Peter also added a branch line to a terminus called Leighton Buzzard.
When Peter died in 2009 his sons sought a new home for Buckingham.
It was with great delight that when I visited ExpoEM in Bracknell last weekend, the Buckingham branch Leighton Buzzard was on view, with the fiddle yard (actually a rotating sector plate) operated by Crispin.
What struck me was how small it was, and how much Peter had managed to squeeze into the space without making the model feel cramped. The model was of a very high standard and of the same quality as others in the room, but it was forty years old-a great achievement.
Some more details and pictures here.
Just some pictures of my little model railway. I am using DCC even though it is small, and the 08 shunter is factory fitted with sound. A few wagons and some road vehicles make the scene look a little busy. I need some people and more industrial detritus.
Last Saturday I visited the model railway exhibition hosted by Alton Model Railway Group.
On the back of their programme was an advertisement for the Alton Model Centre so I went along. I was very impressed. Not a very large shop but packed floor to ceiling with stock from N and OO and some O mostly British outline.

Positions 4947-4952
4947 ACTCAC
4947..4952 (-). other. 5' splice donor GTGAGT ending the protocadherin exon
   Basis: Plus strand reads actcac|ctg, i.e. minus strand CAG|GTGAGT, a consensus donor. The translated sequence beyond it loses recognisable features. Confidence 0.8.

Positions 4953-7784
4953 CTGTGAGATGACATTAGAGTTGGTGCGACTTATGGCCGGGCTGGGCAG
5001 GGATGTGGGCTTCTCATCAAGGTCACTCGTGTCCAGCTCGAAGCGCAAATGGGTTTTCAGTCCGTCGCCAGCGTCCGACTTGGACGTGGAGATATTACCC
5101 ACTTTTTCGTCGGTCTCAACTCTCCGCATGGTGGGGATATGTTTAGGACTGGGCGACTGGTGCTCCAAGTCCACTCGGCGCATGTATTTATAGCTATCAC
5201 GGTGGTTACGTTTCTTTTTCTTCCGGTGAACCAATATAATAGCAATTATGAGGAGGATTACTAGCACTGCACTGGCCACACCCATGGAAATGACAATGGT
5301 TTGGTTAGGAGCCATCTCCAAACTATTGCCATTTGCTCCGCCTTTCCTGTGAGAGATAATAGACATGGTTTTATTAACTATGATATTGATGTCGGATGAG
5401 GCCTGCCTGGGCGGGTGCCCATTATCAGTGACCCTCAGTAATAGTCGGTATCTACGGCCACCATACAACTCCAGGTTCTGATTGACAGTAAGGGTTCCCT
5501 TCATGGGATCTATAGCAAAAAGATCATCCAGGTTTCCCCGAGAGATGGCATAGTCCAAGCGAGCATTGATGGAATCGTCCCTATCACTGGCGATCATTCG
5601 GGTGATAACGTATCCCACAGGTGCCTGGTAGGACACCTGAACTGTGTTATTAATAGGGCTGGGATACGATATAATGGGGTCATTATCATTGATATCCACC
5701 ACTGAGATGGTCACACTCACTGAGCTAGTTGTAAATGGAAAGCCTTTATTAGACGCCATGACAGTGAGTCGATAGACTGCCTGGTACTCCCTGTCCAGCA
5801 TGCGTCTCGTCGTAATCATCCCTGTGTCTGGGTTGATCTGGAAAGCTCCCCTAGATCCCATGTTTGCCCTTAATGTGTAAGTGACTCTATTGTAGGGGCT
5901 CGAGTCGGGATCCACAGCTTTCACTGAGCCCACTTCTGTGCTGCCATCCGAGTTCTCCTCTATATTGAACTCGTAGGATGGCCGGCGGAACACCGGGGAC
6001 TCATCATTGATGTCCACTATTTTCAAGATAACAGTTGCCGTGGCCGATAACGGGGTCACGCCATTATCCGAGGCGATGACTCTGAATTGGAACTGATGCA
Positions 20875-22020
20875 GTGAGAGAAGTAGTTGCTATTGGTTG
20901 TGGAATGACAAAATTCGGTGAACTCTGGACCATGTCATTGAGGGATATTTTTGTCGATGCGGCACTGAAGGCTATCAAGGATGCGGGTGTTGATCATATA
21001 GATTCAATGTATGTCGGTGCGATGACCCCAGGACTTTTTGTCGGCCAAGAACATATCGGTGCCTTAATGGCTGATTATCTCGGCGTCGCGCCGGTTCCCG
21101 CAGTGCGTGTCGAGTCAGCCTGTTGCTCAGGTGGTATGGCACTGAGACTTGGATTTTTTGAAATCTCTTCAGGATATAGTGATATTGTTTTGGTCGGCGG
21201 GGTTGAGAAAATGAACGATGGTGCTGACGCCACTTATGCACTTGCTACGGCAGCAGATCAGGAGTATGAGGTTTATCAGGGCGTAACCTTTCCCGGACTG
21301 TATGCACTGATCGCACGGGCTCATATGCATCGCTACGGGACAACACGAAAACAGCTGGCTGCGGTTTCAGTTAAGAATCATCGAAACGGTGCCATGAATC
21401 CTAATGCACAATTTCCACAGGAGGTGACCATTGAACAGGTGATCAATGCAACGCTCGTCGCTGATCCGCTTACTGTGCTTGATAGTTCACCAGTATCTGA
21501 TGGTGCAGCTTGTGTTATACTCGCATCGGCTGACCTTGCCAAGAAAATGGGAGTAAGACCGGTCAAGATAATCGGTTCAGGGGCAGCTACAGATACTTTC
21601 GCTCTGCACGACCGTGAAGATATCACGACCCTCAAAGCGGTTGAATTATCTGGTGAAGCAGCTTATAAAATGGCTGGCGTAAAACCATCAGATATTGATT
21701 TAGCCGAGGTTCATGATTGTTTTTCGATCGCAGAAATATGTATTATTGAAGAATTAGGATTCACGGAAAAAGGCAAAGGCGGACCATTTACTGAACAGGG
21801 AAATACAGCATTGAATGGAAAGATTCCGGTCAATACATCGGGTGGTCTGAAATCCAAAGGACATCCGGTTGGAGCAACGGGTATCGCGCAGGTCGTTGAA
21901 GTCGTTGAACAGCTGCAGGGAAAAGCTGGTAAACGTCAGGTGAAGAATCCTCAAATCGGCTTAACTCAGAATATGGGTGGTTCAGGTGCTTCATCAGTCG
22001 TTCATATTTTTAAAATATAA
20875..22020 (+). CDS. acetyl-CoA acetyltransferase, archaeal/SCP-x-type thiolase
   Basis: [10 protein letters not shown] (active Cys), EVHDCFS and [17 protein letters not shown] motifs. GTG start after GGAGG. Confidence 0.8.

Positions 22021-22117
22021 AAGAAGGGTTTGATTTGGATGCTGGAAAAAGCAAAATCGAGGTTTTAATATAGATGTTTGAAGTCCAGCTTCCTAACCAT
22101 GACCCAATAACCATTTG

I will certainly be paying another visit, and maybe will combine it with a visit to the Watercress Line nearby.
Sometimes a tool that does a single job but does it very well is a tool worth having.
A handheld DCC programmer
in the USA have come up with a device that is self powered, hand held and simple, that just programmes DCC chips with their address. Connect it to a programming track, place a loco on the track and turn on the device.
The display then shows you the current address of the loco. Change the address and press save and the loco is updated. And that is it. Well it does a couple of other tricks, including resetting the chip to factory default by cycling through all the known methods used by different manufacturers.